You are here

Teaching Visual Literacy
Share

Teaching Visual Literacy
Using Comic Books, Graphic Novels, Anime, Cartoons, and More to Develop Comprehension and Thinking Skills



March 2008 | 208 pages | Corwin
Educators today understand that literacy involves at least five processes: reading, writing, speaking, listening, and viewing. This thoughtful and practical book by a team of literacy experts offers classroom teachers a guide to using visual forms of information as tools for literacy development. The authors provide strategies for fostering visual and critical literacy competencies and increasing student engagement through the use of picture books, comic books, graphic novels, traditional films, anime, and other visual sources of information. Each chapter examines relevant research and theory, and presents practical applications for the classroom.
 
Acknowledgments
 
About the Editors
 
About the Contributors
 
Introduction
Lynell Burmark
1. Visual Literacy: What You Get Is What You See
Jacquelyn McTaggart
2. Graphic Novels: The Good, the Bad, and the Ugly
James Bucky Carter
3. Comics, the Canon, and the Classroom
Kelly Chandler-Olcott
4. Seeing the World Through a Stranger’s Eyes: Exploring the Potential of Anime in Literacy Classrooms
Rocco Versaci
5. “Literary Literacy” and the Role of the Comic Book, or “You Teach a Class on What?”
Thomas DeVere Wolsey
6. That’s Funny: Political Cartoons in the Classroom
Lawrence Sipe
7. Learning From Illustrations in Picturebooks
Lawrence Baines
8. An Irrecusable Offer: Film in the K-12 Classroom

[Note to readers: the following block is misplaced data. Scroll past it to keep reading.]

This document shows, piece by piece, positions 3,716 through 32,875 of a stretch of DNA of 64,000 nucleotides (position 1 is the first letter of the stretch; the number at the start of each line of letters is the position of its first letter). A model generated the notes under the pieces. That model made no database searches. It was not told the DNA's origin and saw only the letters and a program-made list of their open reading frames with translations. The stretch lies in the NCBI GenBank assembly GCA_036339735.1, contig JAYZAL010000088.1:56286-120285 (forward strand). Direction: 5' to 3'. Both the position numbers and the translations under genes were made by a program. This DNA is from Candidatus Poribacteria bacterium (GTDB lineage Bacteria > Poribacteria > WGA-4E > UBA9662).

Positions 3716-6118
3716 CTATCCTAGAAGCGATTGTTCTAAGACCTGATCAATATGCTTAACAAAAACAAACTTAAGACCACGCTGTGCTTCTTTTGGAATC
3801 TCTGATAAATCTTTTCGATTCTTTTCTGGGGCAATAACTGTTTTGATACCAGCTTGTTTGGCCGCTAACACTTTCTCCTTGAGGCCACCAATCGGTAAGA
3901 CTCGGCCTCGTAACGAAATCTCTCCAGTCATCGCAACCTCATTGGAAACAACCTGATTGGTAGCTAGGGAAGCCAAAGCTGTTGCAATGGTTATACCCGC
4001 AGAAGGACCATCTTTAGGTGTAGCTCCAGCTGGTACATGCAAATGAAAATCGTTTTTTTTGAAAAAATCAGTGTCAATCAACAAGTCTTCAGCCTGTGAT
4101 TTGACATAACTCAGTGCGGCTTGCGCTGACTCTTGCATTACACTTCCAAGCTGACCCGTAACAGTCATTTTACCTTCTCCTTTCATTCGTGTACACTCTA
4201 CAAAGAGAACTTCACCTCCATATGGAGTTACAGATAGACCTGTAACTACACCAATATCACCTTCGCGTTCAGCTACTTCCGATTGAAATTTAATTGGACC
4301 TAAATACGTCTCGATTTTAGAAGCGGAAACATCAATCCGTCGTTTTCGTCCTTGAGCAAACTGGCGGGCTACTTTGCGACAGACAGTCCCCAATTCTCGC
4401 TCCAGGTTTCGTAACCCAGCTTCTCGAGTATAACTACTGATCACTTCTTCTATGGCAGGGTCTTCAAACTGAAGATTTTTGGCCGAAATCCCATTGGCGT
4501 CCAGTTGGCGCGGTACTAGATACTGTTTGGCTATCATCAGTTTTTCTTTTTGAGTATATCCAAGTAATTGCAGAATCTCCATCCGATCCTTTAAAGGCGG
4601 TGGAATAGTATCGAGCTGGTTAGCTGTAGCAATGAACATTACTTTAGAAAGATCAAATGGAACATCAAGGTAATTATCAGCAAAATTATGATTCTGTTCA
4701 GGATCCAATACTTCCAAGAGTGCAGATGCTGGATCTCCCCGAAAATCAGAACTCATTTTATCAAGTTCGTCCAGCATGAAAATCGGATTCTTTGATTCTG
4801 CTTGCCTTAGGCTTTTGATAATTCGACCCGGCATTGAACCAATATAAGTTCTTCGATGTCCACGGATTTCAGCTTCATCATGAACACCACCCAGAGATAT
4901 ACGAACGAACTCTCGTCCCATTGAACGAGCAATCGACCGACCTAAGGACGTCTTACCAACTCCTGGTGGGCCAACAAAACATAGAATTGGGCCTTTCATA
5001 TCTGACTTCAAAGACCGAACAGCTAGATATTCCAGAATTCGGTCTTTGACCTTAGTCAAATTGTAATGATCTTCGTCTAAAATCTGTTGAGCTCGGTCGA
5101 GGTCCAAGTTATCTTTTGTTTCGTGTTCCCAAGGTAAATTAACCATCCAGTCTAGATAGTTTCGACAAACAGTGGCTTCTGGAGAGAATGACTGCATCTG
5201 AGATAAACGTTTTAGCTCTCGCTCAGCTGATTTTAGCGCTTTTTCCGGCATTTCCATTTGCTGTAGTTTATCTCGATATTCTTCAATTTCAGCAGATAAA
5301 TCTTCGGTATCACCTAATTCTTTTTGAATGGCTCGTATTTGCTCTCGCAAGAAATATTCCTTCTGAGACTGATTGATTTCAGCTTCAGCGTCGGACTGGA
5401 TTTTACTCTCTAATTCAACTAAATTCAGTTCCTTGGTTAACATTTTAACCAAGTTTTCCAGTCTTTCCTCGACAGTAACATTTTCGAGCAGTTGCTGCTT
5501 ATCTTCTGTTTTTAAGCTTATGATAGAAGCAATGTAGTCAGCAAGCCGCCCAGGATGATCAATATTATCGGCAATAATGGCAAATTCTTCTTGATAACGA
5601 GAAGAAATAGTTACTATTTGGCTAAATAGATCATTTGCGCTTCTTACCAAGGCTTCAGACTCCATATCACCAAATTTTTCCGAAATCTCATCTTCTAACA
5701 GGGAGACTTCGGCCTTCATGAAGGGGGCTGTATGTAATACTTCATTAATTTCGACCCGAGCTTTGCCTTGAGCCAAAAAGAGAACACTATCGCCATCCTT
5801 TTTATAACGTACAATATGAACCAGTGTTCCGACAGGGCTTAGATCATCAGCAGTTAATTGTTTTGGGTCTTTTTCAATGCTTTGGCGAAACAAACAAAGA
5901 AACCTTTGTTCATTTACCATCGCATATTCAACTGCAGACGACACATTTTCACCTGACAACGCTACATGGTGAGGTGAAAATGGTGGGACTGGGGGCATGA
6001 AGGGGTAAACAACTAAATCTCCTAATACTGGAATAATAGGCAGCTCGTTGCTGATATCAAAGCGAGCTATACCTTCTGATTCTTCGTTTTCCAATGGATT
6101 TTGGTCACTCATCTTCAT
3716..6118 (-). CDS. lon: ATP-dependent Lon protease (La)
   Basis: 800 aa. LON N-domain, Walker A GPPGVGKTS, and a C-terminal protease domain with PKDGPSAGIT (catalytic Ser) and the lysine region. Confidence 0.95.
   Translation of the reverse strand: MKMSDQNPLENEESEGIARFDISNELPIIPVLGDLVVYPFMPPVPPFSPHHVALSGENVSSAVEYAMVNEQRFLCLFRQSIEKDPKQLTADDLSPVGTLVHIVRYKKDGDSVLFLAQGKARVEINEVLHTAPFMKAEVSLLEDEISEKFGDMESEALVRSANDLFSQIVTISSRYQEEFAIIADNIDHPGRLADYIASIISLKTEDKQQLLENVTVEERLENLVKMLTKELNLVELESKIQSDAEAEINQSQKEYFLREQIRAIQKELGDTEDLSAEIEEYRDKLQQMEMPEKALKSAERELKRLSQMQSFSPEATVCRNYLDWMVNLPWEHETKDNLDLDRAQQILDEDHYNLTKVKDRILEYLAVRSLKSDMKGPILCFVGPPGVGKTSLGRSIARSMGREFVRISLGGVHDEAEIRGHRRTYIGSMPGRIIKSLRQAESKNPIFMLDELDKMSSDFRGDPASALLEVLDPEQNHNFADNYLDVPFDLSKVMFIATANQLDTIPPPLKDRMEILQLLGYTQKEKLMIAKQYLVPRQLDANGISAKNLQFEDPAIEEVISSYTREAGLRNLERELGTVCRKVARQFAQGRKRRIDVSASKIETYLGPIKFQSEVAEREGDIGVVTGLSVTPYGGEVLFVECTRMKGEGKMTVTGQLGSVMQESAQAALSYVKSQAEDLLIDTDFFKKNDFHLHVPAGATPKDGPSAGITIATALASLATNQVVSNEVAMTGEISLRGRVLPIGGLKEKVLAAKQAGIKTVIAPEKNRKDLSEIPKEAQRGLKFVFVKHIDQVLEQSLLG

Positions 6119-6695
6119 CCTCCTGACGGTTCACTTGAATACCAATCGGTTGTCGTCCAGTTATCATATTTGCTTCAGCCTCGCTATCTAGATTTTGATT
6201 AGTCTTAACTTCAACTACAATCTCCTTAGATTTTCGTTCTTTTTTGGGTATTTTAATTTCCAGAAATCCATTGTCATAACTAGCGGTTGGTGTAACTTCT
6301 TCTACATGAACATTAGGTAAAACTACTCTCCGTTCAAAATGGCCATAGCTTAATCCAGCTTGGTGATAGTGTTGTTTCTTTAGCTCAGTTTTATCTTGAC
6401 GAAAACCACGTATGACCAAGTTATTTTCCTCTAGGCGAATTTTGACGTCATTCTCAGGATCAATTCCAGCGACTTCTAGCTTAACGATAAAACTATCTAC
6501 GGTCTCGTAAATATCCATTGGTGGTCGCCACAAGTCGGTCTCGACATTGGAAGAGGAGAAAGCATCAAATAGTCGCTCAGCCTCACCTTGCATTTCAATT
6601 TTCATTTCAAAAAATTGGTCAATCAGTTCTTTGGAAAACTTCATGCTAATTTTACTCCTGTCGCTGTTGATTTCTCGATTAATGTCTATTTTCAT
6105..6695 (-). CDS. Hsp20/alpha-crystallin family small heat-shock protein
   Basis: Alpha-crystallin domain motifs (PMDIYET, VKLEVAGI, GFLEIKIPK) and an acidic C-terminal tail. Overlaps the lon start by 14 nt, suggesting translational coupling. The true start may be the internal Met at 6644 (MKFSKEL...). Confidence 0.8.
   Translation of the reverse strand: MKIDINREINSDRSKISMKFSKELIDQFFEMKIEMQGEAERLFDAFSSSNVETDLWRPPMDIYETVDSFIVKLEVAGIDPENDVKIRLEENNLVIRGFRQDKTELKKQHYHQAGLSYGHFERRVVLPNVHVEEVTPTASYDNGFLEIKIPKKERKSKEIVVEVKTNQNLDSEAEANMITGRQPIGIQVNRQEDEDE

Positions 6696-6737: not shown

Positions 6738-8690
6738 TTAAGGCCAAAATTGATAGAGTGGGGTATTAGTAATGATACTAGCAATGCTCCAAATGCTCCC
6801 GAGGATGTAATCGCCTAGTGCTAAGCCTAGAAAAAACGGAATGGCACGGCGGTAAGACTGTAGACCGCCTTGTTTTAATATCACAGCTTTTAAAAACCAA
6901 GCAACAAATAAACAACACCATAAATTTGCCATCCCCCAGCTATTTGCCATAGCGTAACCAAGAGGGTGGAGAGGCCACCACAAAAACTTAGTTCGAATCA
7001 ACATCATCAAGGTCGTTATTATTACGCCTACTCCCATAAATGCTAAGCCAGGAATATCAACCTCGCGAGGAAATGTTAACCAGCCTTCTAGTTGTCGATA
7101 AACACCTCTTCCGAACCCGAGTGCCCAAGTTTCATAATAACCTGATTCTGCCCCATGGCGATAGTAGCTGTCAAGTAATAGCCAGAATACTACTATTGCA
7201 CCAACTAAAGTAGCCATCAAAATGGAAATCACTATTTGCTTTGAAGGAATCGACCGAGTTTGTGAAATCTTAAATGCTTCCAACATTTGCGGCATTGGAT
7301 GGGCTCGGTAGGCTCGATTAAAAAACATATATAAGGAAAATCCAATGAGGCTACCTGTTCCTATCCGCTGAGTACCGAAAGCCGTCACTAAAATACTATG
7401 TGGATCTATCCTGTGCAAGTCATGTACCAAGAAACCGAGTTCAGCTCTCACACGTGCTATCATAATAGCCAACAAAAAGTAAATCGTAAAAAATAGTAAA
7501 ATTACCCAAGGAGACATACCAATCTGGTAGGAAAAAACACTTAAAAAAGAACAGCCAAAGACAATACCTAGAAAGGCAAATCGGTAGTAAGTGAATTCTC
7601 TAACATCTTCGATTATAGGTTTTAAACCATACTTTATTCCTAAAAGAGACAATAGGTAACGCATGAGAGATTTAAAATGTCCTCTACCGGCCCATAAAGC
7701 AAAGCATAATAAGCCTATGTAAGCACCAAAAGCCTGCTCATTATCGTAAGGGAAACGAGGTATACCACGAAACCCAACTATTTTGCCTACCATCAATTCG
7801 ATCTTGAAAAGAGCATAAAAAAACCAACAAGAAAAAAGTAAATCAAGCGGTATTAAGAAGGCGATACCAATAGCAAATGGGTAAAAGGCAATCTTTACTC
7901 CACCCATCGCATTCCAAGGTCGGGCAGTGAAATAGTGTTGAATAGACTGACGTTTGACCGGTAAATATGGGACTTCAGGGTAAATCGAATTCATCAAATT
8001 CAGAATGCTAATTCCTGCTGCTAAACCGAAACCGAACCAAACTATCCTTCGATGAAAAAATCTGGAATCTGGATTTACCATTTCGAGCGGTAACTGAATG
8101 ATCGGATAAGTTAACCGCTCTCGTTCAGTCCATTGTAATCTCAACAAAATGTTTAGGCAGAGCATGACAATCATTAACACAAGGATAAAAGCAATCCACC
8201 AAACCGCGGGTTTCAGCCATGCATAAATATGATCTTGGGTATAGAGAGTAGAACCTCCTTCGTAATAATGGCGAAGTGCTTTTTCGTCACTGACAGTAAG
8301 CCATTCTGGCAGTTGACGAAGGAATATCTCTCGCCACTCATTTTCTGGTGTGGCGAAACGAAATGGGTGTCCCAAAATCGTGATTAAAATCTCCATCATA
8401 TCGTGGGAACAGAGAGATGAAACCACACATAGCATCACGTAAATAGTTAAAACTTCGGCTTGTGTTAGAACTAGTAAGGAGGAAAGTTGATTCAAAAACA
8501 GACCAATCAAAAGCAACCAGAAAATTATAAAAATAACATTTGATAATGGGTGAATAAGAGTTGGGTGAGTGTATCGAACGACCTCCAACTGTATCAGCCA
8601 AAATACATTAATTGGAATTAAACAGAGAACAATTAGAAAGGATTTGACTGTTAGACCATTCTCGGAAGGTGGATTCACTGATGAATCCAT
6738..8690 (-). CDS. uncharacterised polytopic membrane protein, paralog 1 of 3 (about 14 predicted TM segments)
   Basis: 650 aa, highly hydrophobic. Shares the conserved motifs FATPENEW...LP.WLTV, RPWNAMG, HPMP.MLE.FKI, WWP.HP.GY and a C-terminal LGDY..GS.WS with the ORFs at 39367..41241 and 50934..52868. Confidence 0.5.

Paula Kluth
9. "It Was Always the Pictures…": Creating Visual Literacy Supports for Students With Disabilities
 
Index

"This book puts into practice what we’ve long known but often ignored: one picture is indeed worth a thousand words! The chapters offer an up close and practical look at how images in all their many forms can be used to motivate reluctant readers."

Donna E. Alvermann, Distinguished Research Professor
University of Georgia

"The literacy I want my students to possess involves more than simply being able to read and write. Just as vision entails more than seeing, being visually literate means that students can interpret and reflect upon images as well as words. Frey and Fisher's collection of essays will help you help your students develop the literacy they need for this brave new century."

Carol Jago, Director, California Reading and Literature Project
University of California, Los Angeles

"This book is a cogent reminder that an expansive defition of 'literary text' is necessary if we are to reach out to all students in our classrooms. A highly useful resource for teachers who wish to explore using graphic novels as part of their curriculum."

Doug Buehl, Adolescent Literacy Consultant

My course is so overloaded as it is I cannot ask for students to adopt another full text (though I found it to be excellent!)

We need a nonprint media literacy class. This would be perfect for that.

Dr Kim McCollum-Clark
English, Millersville University
May 21, 2013

This will prove a useful reference book for teachers at all levels. It discusses how a wide range of texts, including comics, graphic novels, political cartoons and films, can be used to develop children's thinking skills. Each chapter is supplemented with a very useful bibliography that will point the interested reader towards further reading, and there is wealth of tips and techniques for introducing non-traditional texts into the classroom.

Dr Damien Shortt
Faculty of Education, Edge Hill University
July 12, 2010

Sample Materials & Chapters

Introduction


Preview this book

For instructors

This book is not available as an inspection copy. For more information contact your local sales representative.

Select a Purchasing Option

ISBN: 9781412953122
£26.99